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Motive Behind The Popular ICE BUCKET CHALLENGE - Education - Nairaland

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Motive Behind The Popular ICE BUCKET CHALLENGE by SirRomeo: 4:05pm On Sep 05, 2014
We’ve done it in onesies, we’ve
done it with desert sand, Matt
Damon’s even done it with toilet
water. But phenomenally
successful as the ice bucket
challenge may appear, what
kind of long-term behaviour
change potential does it really
have?
Over the last month, Facebook
walls have been drenched in
videos of people taking part in
the ice bucket challenge. From
scantily clad celebrities
showering themselves in ice, to
friends, family and the cookie
monster doing their bucket
thing, to a group of very merry
Irish nuns gleefully dousing one
another, it’s been a challenge for
anyone using social media to
miss.
But while the eye-catching stunt
raises momentary awareness of
amyotrophic lateral sclerosis
(ALS) – also known as motor
neurone disease – and is
reported to have raised over
$100m to date , opinion is
divided as to the longer-term
impacts of the ice bucket
challenge, just as it was over the
likes of movember and
#nomakeupselfie in the past.
Putting aside the justified
backlash spearheaded by those
dismayed by a campaign centred
around disposing of water in a
world struggling to cope with
areas of widespread drought and
a lack of clean drinking water,
how does the ice bucket
challenge measure up?
Miriam Laverick, head of
campaigning at PR agency Four
Colman Getty , points out that
when it comes to raising the
profile of ALS and the ALS
Association, this campaign has
been a significant achievement.
She said: “They have had way
more than their 15 minutes of
fame. Charities campaigning on
diseases like cancer are always
going to have a bigger presence
in people’s lives, so to cut
through into the public eye and
become part of everyday
conversation in this way is a big
success. You could even argue
that media critical of the
campaign have contributed to
raising awareness of a disease
that people knew little about
beforehand.”
It’s this awareness that Rachel
Collinson, digital innovation
consultant for Xtraordinary
Fundraising believes is a key
catalyst for long-term behaviour
change. She said: “People change
their behaviour when it becomes
a societal norm. The ice bucket
challenge is going a long way to
make giving to charity part of
that normal pattern of
behaviour for anybody, and
shaming those who don’t. Like it
or not, that’s what happens.”
Niel Bowerman agrees that the
ice bucket challenge was a run-
away success for those raising
awareness about ALS. However,
the co-founder of the Centre for
Effective Altruism argues that
overall the campaign has the
potential to do more harm than
good.
“Evidence suggests that people
have a total ‘donation budget’,
so donating more to one place
means much less to another –
something my colleague Will
MacAskill refers to as funding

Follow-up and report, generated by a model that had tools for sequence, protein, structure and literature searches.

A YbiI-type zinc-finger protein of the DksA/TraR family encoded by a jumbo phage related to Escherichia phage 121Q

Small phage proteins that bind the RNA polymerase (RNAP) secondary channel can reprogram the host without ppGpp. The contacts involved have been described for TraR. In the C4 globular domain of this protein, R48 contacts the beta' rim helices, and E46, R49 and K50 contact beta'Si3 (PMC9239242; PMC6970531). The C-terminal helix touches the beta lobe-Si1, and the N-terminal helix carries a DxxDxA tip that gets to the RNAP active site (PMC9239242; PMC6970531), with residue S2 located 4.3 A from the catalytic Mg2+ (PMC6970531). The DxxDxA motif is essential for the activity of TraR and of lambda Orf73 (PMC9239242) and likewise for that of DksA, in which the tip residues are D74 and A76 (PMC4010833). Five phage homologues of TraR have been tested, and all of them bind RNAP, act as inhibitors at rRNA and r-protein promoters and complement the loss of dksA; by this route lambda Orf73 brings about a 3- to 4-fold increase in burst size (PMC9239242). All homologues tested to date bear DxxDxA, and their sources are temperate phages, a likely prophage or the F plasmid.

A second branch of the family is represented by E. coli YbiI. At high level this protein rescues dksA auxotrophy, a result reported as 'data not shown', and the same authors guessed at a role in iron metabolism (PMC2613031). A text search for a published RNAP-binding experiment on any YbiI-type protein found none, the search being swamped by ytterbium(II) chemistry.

cannibalism ,” he said.
“Different charities have
different cost-effectiveness – for
example, the ALS Association
estimates that it costs on
average $200,000 per year to
support someone in the final
stages of the disease. In
comparison, the cost of an extra
year of healthy life from
distributing bed nets to tackle
malaria is only $100. You could
therefore argue that if the ALS
fundraising drive has moved
money from a more cost-
effective charity to a less cost-
effective one, this would be
harmful overall.”
While Collinson is acutely wary
of this method for assessing a
campaign’s effectiveness, seeing
it as “an incredibly narrow
definition based on capitalist
economics and some
fundamental assumptions about
what makes life worth living”,
she and Bowerman agree that it
is vital to ensure that a viral
campaign is translated into
ongoing commitment if the
benefits of that campaign are to
be realised. There are three
pieces of advice Collinson would
give the ALS Association:
educate new donors about the
difference their money will
make; start a thank you
campaign that aims to be just as
viral as the original; follow that
up quickly with a series of
welcome messages explaining
more about ALS and countering
some of the rumours that have
circulated about their spending.
The lesson? Being prepared and
proactive matters. Kony 2012 is
a memorable example of a
publicity disaster that ensued
when the campaign’s success
span out of control without
adequate resources to support it.
At the time, Dan Pallotta wrote
that the three founders of the
campaign against the Ugandan
rebel warlord, Joseph Kony,
were being attacked “not by
Kony, but by critics whose
voices are raised louder about
this video than they ever were
by Kony’s atrocities”. This
chimes with Laverick’s assertion
that many organisations are not
used to unleashing a campaign
over which they have little or no
control once in the public
domain.
Ultimately, doing just that has
paid off for the ALS Association.
Now only time will tell whether
they can convert their highly
successful viral campaign into
one that engenders positive,
long-term behavioural change.
Critics are dubious. And even if
a proportion of their current
donors do engage with the
charity and its cause on a deeper
level, there will always be those
who argue that the money
should have been directed
elsewhere to start with.

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